There's the sobby, hysterical, "He's not really dead, everything's just like it used to be!", kinda guy. Think of Reagan or Lil' Bush, desperately trying to resurrect the America of 1955.

There's the chummy, cavalier, "Hey, no worries - I bet they'll be serving some great booze at the wake!", sorta dude. Think of Wild Bill Clinton, with his shades and sax, playing Arsenio.

There's the little kid, more or less completely baffled by the whole life and death thing. Think every Republican voter in America.

And then there's the undertaker. All he's worried about is making sure that the corpse gets removed from the building before it stinks up the joint so bad somebody shuts him down and he loses his job. Think of Barack Obama.

I certainly was the other night, as he gave his Afghanistan speech.

So this is what it feels like to watch an empire fall, eh? This is what it looks like when Goliath goes boom? Ouch. I guess if there's a silver lining, at least we can all say we saw it first hand. We were present at the destruction.

It shows up in economic policy, where a country that was once a dynamo is now an ossified feeding trough, unable to dislodge the gorging pigs from the table, even as they've been gnawing like termites on the wood itself for two or three decades now, and the whole thing is getting ready to splinter into rubble.

It shows up in environmental policy, where the superpower that once pioneered big ideas like democracy, human rights and civil liberties now leads the way toward planetary suicide - lest, alternatively, anyone should lose a nickel or two off their standard of living in the short term.

It shows up in everything from education to prisons to the military to mortgages, where we've become expert at producing nothing, while commodifying and exploiting everything.

It shows up in the national spirit, where no one will sacrifice anything for anyone, where politics has become war for personal spoils, and where we socialize our children to aspire to no higher value than raw aggrandizement and reality TV (an oxymoron if ever there was).

And it was all over Obama's speech on Afghanistan this week, the central theme of which was marketing as a plan for victory what was really a superpower withdrawal in the face of defeat.

Or so it would seem. To be fair, I must admit that I find the Afghanistan question vexing.

I loathe the Taliban, for instance, and they will pretty clearly rule the country again once the US is gone, as they substantially do already. And yet there are many governments in this world I loathe (including, all too often, my own), and it is neither appropriate nor possible for the United States military to be running around replacing those. Nor would I likely be enamored of the replacements, anyhow, which is exactly what the Karzai government is in Afghanistan.

I also don't think it's wise to return al Qaeda to having a free run in Afghanistan. But then I recognize that they essentially have that in Pakistan, and that they're also located in dozens of other countries.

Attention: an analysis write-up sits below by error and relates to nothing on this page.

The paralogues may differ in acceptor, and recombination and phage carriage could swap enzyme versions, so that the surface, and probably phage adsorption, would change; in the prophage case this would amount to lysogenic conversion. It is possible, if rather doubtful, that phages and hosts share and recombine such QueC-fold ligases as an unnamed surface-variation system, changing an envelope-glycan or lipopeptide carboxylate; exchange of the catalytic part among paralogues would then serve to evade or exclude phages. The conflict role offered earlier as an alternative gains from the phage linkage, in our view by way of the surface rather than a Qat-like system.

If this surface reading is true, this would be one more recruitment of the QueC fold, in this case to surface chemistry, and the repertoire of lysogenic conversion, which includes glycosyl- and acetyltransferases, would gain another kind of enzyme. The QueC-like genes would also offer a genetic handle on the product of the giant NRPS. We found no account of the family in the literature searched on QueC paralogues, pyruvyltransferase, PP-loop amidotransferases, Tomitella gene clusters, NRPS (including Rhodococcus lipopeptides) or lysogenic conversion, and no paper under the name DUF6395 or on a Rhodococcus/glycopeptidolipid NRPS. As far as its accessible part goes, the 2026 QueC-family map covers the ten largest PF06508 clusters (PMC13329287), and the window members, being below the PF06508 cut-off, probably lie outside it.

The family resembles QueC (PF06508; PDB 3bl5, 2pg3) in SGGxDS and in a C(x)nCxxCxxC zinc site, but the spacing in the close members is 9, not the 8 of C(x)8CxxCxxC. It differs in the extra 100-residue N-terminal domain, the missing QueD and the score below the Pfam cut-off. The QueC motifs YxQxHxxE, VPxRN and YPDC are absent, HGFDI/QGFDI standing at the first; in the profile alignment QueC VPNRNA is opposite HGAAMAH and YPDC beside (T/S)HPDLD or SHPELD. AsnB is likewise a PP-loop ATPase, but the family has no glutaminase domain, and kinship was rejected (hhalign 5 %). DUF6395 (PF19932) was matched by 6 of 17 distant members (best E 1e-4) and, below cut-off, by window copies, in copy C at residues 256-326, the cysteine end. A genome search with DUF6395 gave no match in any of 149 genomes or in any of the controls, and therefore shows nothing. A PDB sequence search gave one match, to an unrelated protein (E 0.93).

I think more soldiers are necessary to have a chance at establishing non-Taliban security in Afghanistan. But I also suspect that, in another way, every added pair of boots on the ground makes it harder, not easier, to achieve that same goal.

And so on. I could go on, but the short version is that finding the right course for US policy on Afghanistan is a lot harder than for, say, healthcare policy or Wall Street regulation or stem cell research.

If we take Obama at face value (a level of trust which may no longer be at all appropriate given the ugly first year of his presidency), he is adopting a strategy for Afghanistan which rejects three highly unpalatable alternatives. He does not want to maintain the rapidly deteriorating status quo. He does not want to go all-in for a multi-decade, narrowly-focused, military commitment that would further wreck America's national security condition in exchange for also further wrecking our fiscal condition. And he does not want to simply walk away from Afghanistan tomorrow, giving the keys to the country to the Taliban and al Qaeda.

I find it hard to disagree with any of those positions. And I even find his alternative solution - an attempt to hand over the Afghan war to the Afghans - to be an almost compelling choice, but only as the least worst option of all that are on the table, and only potentially so. If this choice actually has no hope of working, and if it only means postponing the inevitable, then of course it would be better to withdraw now. That may well be the case.

Obama is essentially trying to replicate in Afghanistan the Iraqi model, which is essentially trying to replicate in Iraq the model of Vietnamization of the Vietnam War. Let's give credit where credit is due: His West Point speech was the most honest (which is not the same as saying fully honest) and mature rendering of American foreign policy history and challenges uttered in the United States in a very long time. But what he didn't mention is that Vietnamization never worked, and that the essential step of the equivalent program in Iraq has yet to be implemented and yet to be tested.